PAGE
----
Sanctification: Working Out What God Has Worked In

Sanctification: Working Out What God Has Worked In

Sanctification: Working Out What God Has Worked In
Text: Philippians 2:12-13

Is there every a time when we can put our feet up and go on a spiritual vacation? Is there ever an occasion where we can call up the devil and arrange a time out in the midst of the battle? Of course not, and this being the case, we therefore never find the scripture allowing us to rest from our duty.

Paul is addressing an excellent church, and the temptation would have been to compare them to worse churches and say to himself, I’ll not give them an exhortation except to keep doing as they’re doing. But he doesn’t do that. He, just like God, always wants them to strive to be better.

If we go back to v27 where we see his first exhortation to them to pursue lives that reflect their citizenship in heaven, we can see the importance of this reflected in the two overarching struggles the church was facing. Namely, the opposition without the church v27-31, and the strife within the church 2:1-11.

We subdivided those problems as we went through them, but those are the two issues Paul is endeavouring the help the church through. But now Paul is going to push them further in the pursuit of living the way they should. Notice the language of v12 and its similarity to 1:27. He goes back to the idea of them living the way they should whether he is there or not.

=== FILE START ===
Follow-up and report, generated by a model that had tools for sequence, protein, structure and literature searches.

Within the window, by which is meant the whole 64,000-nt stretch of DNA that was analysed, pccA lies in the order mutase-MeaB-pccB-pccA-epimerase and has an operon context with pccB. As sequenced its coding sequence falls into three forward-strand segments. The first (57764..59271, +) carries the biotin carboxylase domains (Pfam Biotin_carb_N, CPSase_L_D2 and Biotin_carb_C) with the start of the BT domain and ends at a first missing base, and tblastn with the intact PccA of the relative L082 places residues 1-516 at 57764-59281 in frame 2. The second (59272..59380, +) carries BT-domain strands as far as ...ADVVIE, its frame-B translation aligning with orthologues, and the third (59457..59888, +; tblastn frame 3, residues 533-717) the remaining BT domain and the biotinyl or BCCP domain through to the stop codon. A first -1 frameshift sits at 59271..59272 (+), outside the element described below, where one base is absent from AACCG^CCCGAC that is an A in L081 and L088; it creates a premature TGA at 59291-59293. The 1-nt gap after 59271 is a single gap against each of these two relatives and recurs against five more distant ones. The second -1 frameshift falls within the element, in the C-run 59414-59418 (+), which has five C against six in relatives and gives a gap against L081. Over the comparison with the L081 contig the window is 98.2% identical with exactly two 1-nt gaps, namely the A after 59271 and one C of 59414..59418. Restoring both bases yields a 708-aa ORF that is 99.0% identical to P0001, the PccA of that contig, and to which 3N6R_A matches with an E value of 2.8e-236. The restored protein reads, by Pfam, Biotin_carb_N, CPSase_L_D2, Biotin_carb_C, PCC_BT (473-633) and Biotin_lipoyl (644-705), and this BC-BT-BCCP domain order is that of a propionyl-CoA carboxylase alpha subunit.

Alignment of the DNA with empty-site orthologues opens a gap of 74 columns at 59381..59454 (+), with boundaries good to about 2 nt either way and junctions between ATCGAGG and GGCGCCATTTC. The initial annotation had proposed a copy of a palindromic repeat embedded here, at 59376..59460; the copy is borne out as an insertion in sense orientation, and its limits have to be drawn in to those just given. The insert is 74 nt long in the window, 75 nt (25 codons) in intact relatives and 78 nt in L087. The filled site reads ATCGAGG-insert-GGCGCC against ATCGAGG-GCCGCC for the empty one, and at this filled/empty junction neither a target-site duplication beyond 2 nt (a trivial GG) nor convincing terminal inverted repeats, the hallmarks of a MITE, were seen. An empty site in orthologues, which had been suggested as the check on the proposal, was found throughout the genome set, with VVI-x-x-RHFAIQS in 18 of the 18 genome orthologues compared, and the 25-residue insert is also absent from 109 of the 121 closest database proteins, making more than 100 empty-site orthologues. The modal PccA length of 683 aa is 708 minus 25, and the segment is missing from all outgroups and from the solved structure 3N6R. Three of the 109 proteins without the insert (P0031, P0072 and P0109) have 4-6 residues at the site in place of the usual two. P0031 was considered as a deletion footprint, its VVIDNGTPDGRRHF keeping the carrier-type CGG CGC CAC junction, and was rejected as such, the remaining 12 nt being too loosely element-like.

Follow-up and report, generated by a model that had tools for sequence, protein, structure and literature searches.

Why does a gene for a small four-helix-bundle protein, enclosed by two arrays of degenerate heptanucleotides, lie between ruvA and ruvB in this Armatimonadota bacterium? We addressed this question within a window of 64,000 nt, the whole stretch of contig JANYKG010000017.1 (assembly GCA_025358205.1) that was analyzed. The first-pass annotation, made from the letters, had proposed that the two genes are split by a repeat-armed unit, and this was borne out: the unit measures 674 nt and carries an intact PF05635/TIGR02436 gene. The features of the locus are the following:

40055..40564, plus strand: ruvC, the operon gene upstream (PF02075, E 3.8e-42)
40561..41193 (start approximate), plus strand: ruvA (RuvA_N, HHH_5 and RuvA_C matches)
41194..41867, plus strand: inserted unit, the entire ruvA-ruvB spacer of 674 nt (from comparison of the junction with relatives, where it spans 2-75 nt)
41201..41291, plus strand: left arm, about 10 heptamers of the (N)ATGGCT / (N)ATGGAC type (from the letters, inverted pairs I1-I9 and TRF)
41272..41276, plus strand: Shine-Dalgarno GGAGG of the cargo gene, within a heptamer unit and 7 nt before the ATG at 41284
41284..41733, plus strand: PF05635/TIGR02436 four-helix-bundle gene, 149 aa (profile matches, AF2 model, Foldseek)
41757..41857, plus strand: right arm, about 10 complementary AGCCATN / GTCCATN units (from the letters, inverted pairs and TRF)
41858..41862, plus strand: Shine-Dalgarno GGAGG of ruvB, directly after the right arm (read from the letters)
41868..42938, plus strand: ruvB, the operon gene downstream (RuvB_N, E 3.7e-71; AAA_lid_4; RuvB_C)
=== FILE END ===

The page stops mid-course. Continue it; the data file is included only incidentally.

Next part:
He is circling around to continue the same vein of thought he exhorted in 1:27, namely, the need for living as citizens of heaven, only now their obedience should be further stimulated by the picture of Christ’s obedience 2:8, which was unto death. v12-18 gives further needed exhortation for living as heavenly citizens.

v12 begins “Wherefore…” i.e. On the basis of everything I’ve said. And in v12-13 he deals with the biblical expounds understanding of living the Christian life.


i) Revealed by the language of affection – “Wherefore, my beloved”
Paul had a love for people. A love that was heart broken over the unbelief of his fellow Jews. However, he had a special love for God’s people. “My beloved” reveals this special love.

ii) Revealed by the language of assumption – “your own salvation”
The importance of the doctrine of sanctification is only surpassed by the doctrine of justification. That which Paul reveals they had experienced in 1:6. God did a regenerating work in them that justified them. For the benefit of those who do not understand those terms of justification and sanctification, let me define them for you.